Compounds In wt.%
0.6 to 26
Fe (total) 30 to 80
CaO 0.5 to 1.5
MgO 1.0 to 2.0
O 0.1 to 2
2 to 10
For electron probe micro-analysis the sulphide sample was mounted in epoxy resin (cold
mounting) and polished using conventional methods for electron microscopic studies. The
polished section of of the sulphide was then examined and analysed with a JEOL, Super Probe
JXA-8600 model electron microprobe operating with a current setting of 2x10
A and with
Standard Programme International (SPI) mineral standards, using on-line ZAF correction
procedures. The major and minor elemental composition analyses of the sulphide phase from the
Neyveli lignite deposit is reported in Table 2.
From the EPMA it can be inferred that the sulphide phase is nothing but marcasite and values
show of Fe (45.617 to 47.324%) and S (51.878 to 52.829%). Out of all thirteen marcasites grains
analyzed only seven grains show significant amounts (0.004 to 0.080%) of gold content while Cu
(0.003 to 0.018%), Pb (0.020 to 0.097%), Ni (0.008 to 0.034%), Zn (0.005 to 0.019%), Sb (
0.006 to 0.044%), Bi (0.008 to 0.382%), As (0.097 to 0.502%), Se (0.004 to 0.019%) and Te
(0.011 to 0.014%) present sporadically and in traces. Recently Nayak et al., (2008) recorded
occurrence of gold in the iron sulphide (pyrites/marcasite) associated with the high sulphur
bearing tertiary coals of Northeast India. They concluded that the gold is lattice bound forming
solid solutions within iron sulphides. The silicates present along with these Neyveli sulphide
patches/marcasite were also analysed and reported in Table 3. The analyses of these silicates
indicated that these are nothing but pure quartz.
Vol.8, No.3 Characterization of Sulphides Patches from the Neyveli Lignite Deposit 227
Table 2: EPMA analyses of marcasite from the Neyveli lignite deposit (wt.%)
“---“Not detected
Table 3: EPMA analyses of the silicates present within the sulphides (wt.%)
Compounds 1 2
100.156 99.921
FeO 0.153 0.137
CaO 0.001 0.023
O ----- 0.008
----- 0.009
0.005 0.009
NiO ----- 0.019
0.001 0.001
Total 100.317 100.129
“----- “ not detected
The variation of chemical composition in the present marcasite analysis may be attributed to its
origin in a lignite province. It can be inferred that these sulphide patches of Neyveli lignite
deposit mostly syngenetic with coal. The gold concentration in these sulphides may be by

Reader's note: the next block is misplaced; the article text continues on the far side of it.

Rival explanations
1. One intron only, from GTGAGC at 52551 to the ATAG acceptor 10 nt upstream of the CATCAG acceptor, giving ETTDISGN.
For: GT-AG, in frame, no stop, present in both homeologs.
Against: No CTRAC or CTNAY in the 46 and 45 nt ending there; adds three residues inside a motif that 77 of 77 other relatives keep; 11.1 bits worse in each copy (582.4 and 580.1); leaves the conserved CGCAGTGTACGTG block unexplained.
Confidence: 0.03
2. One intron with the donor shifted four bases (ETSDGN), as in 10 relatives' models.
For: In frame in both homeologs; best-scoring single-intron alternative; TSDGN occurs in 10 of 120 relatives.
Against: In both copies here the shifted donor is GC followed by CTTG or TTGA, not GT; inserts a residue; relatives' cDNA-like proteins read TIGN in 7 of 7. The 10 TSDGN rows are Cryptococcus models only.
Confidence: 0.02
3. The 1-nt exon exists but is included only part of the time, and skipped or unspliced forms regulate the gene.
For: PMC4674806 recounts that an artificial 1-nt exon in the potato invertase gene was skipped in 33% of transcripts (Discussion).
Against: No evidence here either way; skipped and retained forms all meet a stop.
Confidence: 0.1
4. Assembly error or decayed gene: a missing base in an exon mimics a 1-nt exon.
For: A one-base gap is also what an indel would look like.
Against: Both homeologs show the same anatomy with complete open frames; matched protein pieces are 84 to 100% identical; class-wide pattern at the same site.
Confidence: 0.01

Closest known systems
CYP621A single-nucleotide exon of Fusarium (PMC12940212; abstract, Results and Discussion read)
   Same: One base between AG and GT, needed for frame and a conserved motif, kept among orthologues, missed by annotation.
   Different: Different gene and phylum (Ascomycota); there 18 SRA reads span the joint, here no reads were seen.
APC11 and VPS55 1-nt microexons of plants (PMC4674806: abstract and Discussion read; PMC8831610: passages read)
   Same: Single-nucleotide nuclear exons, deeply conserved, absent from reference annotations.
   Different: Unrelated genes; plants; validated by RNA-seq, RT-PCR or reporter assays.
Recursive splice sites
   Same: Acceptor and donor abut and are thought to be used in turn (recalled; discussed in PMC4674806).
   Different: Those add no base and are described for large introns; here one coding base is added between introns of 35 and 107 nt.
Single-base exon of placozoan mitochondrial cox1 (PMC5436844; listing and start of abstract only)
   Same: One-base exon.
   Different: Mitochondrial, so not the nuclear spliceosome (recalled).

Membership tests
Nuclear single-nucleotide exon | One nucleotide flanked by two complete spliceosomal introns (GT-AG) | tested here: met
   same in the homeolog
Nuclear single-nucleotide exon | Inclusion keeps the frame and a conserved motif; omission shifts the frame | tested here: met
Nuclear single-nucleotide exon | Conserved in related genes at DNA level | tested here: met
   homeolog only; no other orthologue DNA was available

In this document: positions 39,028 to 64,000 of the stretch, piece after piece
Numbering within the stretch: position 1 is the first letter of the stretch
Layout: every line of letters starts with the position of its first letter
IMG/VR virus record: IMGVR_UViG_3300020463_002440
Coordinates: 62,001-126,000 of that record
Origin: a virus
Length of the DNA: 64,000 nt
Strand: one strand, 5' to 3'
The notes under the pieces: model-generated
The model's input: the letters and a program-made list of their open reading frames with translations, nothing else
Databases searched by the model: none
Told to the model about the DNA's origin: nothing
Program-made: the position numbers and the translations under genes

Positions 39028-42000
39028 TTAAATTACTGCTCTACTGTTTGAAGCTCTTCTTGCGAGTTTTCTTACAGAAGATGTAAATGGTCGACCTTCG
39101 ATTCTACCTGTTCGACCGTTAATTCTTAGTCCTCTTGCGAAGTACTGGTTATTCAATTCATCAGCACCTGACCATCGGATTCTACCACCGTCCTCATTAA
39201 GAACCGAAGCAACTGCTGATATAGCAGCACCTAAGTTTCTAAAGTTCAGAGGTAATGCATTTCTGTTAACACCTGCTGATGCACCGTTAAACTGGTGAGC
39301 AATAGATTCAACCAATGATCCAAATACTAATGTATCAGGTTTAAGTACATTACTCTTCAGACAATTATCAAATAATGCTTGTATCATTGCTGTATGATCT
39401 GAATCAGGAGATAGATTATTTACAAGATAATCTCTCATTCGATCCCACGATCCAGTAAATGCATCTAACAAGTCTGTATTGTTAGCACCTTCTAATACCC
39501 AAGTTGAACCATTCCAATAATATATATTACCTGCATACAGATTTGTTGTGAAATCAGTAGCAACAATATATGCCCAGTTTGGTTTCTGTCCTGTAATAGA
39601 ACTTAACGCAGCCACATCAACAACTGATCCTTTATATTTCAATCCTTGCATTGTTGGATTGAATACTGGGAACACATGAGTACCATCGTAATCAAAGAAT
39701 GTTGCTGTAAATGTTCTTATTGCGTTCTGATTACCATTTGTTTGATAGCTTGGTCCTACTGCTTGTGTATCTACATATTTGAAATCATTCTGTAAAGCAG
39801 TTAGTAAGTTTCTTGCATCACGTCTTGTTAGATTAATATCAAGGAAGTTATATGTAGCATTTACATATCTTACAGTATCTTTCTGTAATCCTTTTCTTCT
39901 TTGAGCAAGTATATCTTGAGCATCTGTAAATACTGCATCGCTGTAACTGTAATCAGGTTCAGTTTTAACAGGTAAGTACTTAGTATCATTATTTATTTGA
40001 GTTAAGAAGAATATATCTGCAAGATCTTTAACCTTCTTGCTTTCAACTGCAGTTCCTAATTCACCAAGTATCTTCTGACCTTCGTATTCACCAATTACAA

biological activity and/or by inorganic adsorption process during recrystallization in a reducing
environment. 17 million tones of lignite are excavated annually from this deposit (Kompella and
1 2 3 4 5 6 7 8 9 10 11 12 13
S 52.829 52.002 51.878 52.249 52.162 52.124 52.180 52.061 52.404 52.475 52.824 52.740 52.813
Cu --- 0.014 --- 0.013 --- 0.016 --- --- --- 0.003 --- 0.018 0.003
Fe 45.960 45.802 45.794 45.617 46.153 46.301 46.866 47.275 46.975 46.832 47.199 47.324 47.184
Bi 0.382 --- 0.341 0.057 --- 0.008 --- 0.340 0.042 --- 0.102 --- 0.243
Ni --- 0.014 --- --- --- 0.008 --- 0.034 --- 0.008 --- --- ---
Pb 0.062 0.164 0.063 0.066 0.097 --- --- --- 0.020 --- 0.138 0.087 ---
Sb 0.006 --- --- 0.017 --- --- 0.006 0.011 0.044 0.022 --- 0.040 0.021
Zn --- 0.014 0.019 --- --- --- --- 0.011 --- --- 0.005 --- 0.005
Co 0.062 0.046 0.031 0.046 0.041 0.044 0.021 0.064 0.053 0.030 0.030 0.059 0.021
Au 0.017 --- --- --- 0.040 0.004 --- 0.030 0.004 --- --- 0.057 0.080
As 0.104 --- 0.127 --- --- 0.393 0.185 0.097 0.170 0.215 0.502 0.191 ---
Se 0.019 --- 0.006 --- 0.013 --- --- --- 0.013 0.012 --- 0.004 0.011
Te 0.014 0.011 --- 0.011 --- --- --- --- --- --- --- --- ---
Total 99.456 98.066 98.259 98.074 98.507 98.807 99.258 99.923 99.725 99.597 100.800 100.519 100.388
228 D. S. Rao, R. Nagendra, E. Rasool Mohideen, and B.R. Nayak Vol.8, No.3
Raghuthaman, 2002). Out of which around 325 tonnes of sulphide will be accumulated annually
at the rate of 1.97% of sulphide boulders from the lignite run of mine sample. In view of this, it
may be worth studying these sulphides for resources development of marcasite in general and
gold in particular. As it is known that most of the mining industries wastes contain useful
materials and if recovered economically and in an environmental friendly way it adds up to the
revenue of the mining company. In this contest, utilization of these sulphides, from the lignite
mine of Neyveli not only essential from resource conservation/utilization but also from
environmental point of view. Hence, if the sulphides patches are studied in detail then the
sulphides which are dumped as waste can be a source of gold.
The samples were collected by Dr. R. Nagendra and Dr.E. Rasool Mohideen. The authors (RN
and ERM) are thankful to the authorities of Neyveli Lignite Corporation for permission as well
as helps during collection of marcasite samples from Neyveli mine. The authors are also thankful
IIC, IIT, Roorkee for EPMA work.
Banerjee, D., Mandal, P.K., Nithyananthan, N., Thakur, J,S. and Hirani, M. (1997) Effect of
different forms of sulphur on coal combustion. R & D Journal (NTPC), V.3, No.1, pp.37-42.
Kompella, R.M. and Raghuthaman, S. (2002) Removal of marcasite from lignite. Proc. of the Int.
Sem. on Mineral Processing Technology (Eds. S.Subramanian, K.A..Natarajan, B.S.Rao and
T.R.R.Rao), 3-5 January 2002, V.2, pp.638-643.
Nayak, B., Chakravarty, S and Bhattacharyya, K.K. (2008) Invisible gold in the high sulphur
Tertiary coals of Northeast India. Current Science, V.95, No.9, pp.1334-1337.